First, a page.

16. Clothier BE, Kirkham MB, McLean JE (1992) In situ measurement of the effective transport volume for solute moving through soil. Soil Sci Soc Am J 56:733–736.  https://doi.org/10.2136/sssaj1992.03615995005600030010x CrossRefGoogle Scholar
  17. Comolli A, Dentz M (2017) Anomalous dispersion in correlated porous media: a coupled continuous time random walk approach. Eur Phys J B 90:90–18.  https://doi.org/10.1140/epjb/e2017-80370-6 CrossRefGoogle Scholar
  18. Cortis A, Berkowitz B (2004) Anomalous transport in “classical” soil and sand columns. Soil Sci Soc Am J 68:1539–1548.  https://doi.org/10.2136/sssaj2004.1539 CrossRefGoogle Scholar
  19. Cortis A, Harter T, Hou L, Atwill ER, Packman AI, Green PG (2006) Transport of Cryptosporidium parvum in porous media: long-term elution experiments and continuous time random walk filtration modeling. Water Resour Res 42.  https://doi.org/10.1029/2006wr004897
  20. de Vries ET, Raoof A, van Genuchten MT (2017) Multiscale modelling of dual-porosity porous media; a computational pore-scale study for flow and solute transport. Adv Water Resour 105:82–95.  https://doi.org/10.1016/j.advwatres.2017.04.013 CrossRefGoogle Scholar
  21. Edery Y, Dror I, Scher H, Berkowitz B (2015) Anomalous reactive transport in porous media: Experiments and modeling. Phys Rev E Stat Nonlin Soft Matter Phys 91:052130.  https://doi.org/10.1103/PhysRevE.91.052130 CrossRefGoogle Scholar
  22. Ekeleme AC, Agunwamba JC (2018) Experimental determination of dispersion coefficient in soil. Emerg Sci J 2.  https://doi.org/10.28991/esj-2018-01145
  23. Gao G, Zhan H, Feng S, Huang G, Mao X (2009) Comparison of alternative models for simulating anomalous solute transport in a large heterogeneous soil column. J Hydrol 377:391–404.  https://doi.org/10.1016/j.jhydrol.2009.08.036 CrossRefGoogle Scholar
  24. Ho YS (2006) Review of second-order models for adsorption systems. J Hazard Mater 136:681–689.  https://doi.org/10.1016/j.jhazmat.2005.12.043 CrossRefGoogle Scholar
  25. Hou L, Hu BX, Qi Z, Yang H (2018) Evaluating equilibrium and non-equilibrium transport of ammonium in a loam soil column. Hydrol Process 32:80–92.  https://doi.org/10.1002/hyp.11400 CrossRefGoogle Scholar
  26. Hu H, Mao X, Barry DA, Liu C, Li P (2014) Modeling reactive transport of reclaimed water through large soil columns with different low-permeability layers. Hydrogeol J 23:351–364.  https://doi.org/10.1007/s10040-014-1187-0 CrossRefGoogle Scholar
  27. Hui L (2014) The characteristic and influence factors of ammonia-nitrogen adsorption desorption in the loess. Dissertation, Changfluence factorGoogle Scholar
  28. Jellali S, Diamantopoulos E, Kallali H, Bennaceur S, Anane M, Jedidi N (2010) Dynamic sorption of ammonium by sandy soil in fixed bed columns: evaluation of equilibrium and non-equilibrium transport processes. J Environ Manage 91:897–905.  https://doi.org/10.1016/j.jenvman.2009.11.006 CrossRefGoogle Scholar
  29. Kalaruban M, Loganathan P, Kandasamy J, Naidu R, Vigneswaran S (2017) Enhanced removal of nitrate in an integrated electrochemical-adsorption system. Sep Purif Technol 189:260–266.  https://doi.org/10.1016/j.seppur.2017.08.010 CrossRefGoogle Scholar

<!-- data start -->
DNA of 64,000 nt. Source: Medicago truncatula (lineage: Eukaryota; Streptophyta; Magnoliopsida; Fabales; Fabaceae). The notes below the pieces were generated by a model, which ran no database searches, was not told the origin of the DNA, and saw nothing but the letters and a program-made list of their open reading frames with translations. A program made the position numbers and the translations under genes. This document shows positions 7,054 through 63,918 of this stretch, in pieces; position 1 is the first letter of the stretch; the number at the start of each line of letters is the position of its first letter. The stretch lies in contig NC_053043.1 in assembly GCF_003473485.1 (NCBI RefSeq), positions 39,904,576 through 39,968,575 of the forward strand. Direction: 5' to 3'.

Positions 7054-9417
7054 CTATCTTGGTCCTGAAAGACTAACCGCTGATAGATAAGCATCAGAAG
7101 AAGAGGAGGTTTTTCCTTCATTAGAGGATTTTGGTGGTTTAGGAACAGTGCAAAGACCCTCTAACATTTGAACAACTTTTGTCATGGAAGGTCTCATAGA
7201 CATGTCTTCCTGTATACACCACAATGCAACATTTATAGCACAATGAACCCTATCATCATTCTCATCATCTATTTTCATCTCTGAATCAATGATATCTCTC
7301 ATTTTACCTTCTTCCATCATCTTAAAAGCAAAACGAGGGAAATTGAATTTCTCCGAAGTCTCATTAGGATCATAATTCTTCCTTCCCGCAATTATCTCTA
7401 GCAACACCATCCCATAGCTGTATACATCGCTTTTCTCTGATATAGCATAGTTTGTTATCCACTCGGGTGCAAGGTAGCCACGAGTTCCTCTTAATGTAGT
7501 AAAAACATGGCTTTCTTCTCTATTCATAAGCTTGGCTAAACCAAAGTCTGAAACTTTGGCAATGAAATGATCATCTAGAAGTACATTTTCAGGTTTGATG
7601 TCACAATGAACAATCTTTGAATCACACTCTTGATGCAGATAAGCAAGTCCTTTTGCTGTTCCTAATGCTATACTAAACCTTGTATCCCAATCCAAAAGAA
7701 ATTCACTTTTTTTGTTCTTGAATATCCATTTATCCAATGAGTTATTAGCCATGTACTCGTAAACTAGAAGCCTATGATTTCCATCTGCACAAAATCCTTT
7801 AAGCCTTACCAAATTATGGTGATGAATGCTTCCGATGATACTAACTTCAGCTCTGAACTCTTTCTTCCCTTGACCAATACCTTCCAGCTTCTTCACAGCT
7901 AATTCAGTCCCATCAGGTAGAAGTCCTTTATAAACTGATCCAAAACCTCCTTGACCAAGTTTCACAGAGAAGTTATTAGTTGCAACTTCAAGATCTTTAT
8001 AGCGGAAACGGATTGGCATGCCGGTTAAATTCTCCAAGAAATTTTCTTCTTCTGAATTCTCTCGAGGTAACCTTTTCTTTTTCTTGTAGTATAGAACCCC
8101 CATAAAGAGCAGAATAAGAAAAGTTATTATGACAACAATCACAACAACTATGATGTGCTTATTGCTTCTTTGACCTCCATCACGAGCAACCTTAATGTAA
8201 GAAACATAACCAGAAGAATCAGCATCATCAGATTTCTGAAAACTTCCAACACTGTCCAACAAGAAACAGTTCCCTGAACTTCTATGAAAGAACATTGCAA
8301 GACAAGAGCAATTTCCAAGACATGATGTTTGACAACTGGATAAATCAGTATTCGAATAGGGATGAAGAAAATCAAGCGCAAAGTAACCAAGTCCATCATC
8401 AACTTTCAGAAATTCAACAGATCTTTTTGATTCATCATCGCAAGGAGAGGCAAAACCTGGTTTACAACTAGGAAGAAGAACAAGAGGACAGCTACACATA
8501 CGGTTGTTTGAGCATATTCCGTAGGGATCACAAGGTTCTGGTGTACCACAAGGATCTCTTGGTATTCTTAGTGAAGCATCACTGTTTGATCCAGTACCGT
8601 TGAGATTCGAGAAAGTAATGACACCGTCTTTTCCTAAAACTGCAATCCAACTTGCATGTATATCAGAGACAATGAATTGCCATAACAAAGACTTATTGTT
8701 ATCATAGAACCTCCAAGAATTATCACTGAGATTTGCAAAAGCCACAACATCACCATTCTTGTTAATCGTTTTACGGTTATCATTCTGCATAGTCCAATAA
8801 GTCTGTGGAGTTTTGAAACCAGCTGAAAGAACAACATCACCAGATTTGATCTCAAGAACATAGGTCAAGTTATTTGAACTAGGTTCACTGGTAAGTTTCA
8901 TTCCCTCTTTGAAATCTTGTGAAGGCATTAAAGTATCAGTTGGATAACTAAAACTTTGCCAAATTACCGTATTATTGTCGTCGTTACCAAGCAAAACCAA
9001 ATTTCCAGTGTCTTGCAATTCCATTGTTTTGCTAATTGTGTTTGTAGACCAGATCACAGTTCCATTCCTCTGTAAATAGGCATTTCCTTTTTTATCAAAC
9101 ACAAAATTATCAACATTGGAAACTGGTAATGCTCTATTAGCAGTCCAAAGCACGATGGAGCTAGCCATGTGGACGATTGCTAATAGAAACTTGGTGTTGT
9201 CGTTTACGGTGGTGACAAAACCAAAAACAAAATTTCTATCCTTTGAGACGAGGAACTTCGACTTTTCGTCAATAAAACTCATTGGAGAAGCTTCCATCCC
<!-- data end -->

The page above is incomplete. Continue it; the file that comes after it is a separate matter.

30. Kohne JM, Kohne S, Simunek J (2009) A review of model applications for structured soils: a water flow and tracer transport. J Contam Hydrol 104:4–35.  https://doi.org/10.1016/j.jconhyd.2008.10.002 CrossRefGoogle Scholar
  31. Kuriqi A, Ardiçlioglu M, Muceku Y (2016) Investigation of seepage effect on river dike8.1stability under steady state and transient conditions. Pollack Periodica 11:87–104.  https://doi.org/10.1556/606.2016.11.2.8 CrossRefGoogle Scholar
  32. Lester DR, Metcalfe G, Trefry MG (2014) Anomalous transport and chaotic advection in homogeneous porous media. Phys Review E Stat Nonlin Soft Matter Phys 90:063012.  https://doi.org/10.1103/PhysRevE.90.063012 CrossRefGoogle Scholar
  33. Li N, Ren L (2009) Application of continuous time random walk theory to nonequilibrium transport in soil. J Contamin Hydrol 108:134–151.  https://doi.org/10.1016/j.jconhyd.2009.07.002 CrossRefGoogle Scholar
  34. Liu D, Jivkov AP, Wang L, Si G, Yu J (2017) Non-Fickian dispersive transport of strontium in laboratory-scale columns: modelling and evaluation. J Hydrol 549:1–11.  https://doi.org/10.1016/j.jhydrol.2017.03.053 CrossRefGoogle Scholar
  35. Liu DX, Zuo R, Jivkov AP, Wang JS, Hu LT, Huang LX (2019) Effect of colloids on non-Fickian transport of strontium in sediments elucidated by continuous-time random walk analysis. Environ Pollut 252:1491–1499.  https://doi.org/10.1016/j.envpol.2019.06.064 CrossRefGoogle Scholar
  36. Lu C et al (2018) A mobile-mobile transport model for simulating reactive transport in connected heterogeneous fields. J Hydrol 560:97–108.  https://doi.org/10.1016/j.jhydrol.2018.02.073 CrossRefGoogle Scholar
  37. Margolin G, Berkowitz B (2000) Application of continuous time random walks to transport in porous media. J Phys Chem 104:3942–3947.  https://doi.org/10.1021/jp993721x CrossRefGoogle Scholar
  38. Margolin G, Berkowitz B (2002) Spatial behavior of anomalous transport. Phys Rev E Stat Nonlin Soft Matter Phys 65:031101.  https://doi.org/10.1103/PhysRevE.65.031101 CrossRefGoogle Scholar
  39. Muceku Y, Korini O, Kuriqi A (2016) Geotechnical analysis of hill O, Kuriqi A (2016) Geotechnical of Berati, Albania. Period Polytech Civ Eng 60:61–73.  https://doi.org/10.3311/PPci.7752 CrossRefGoogle Scholar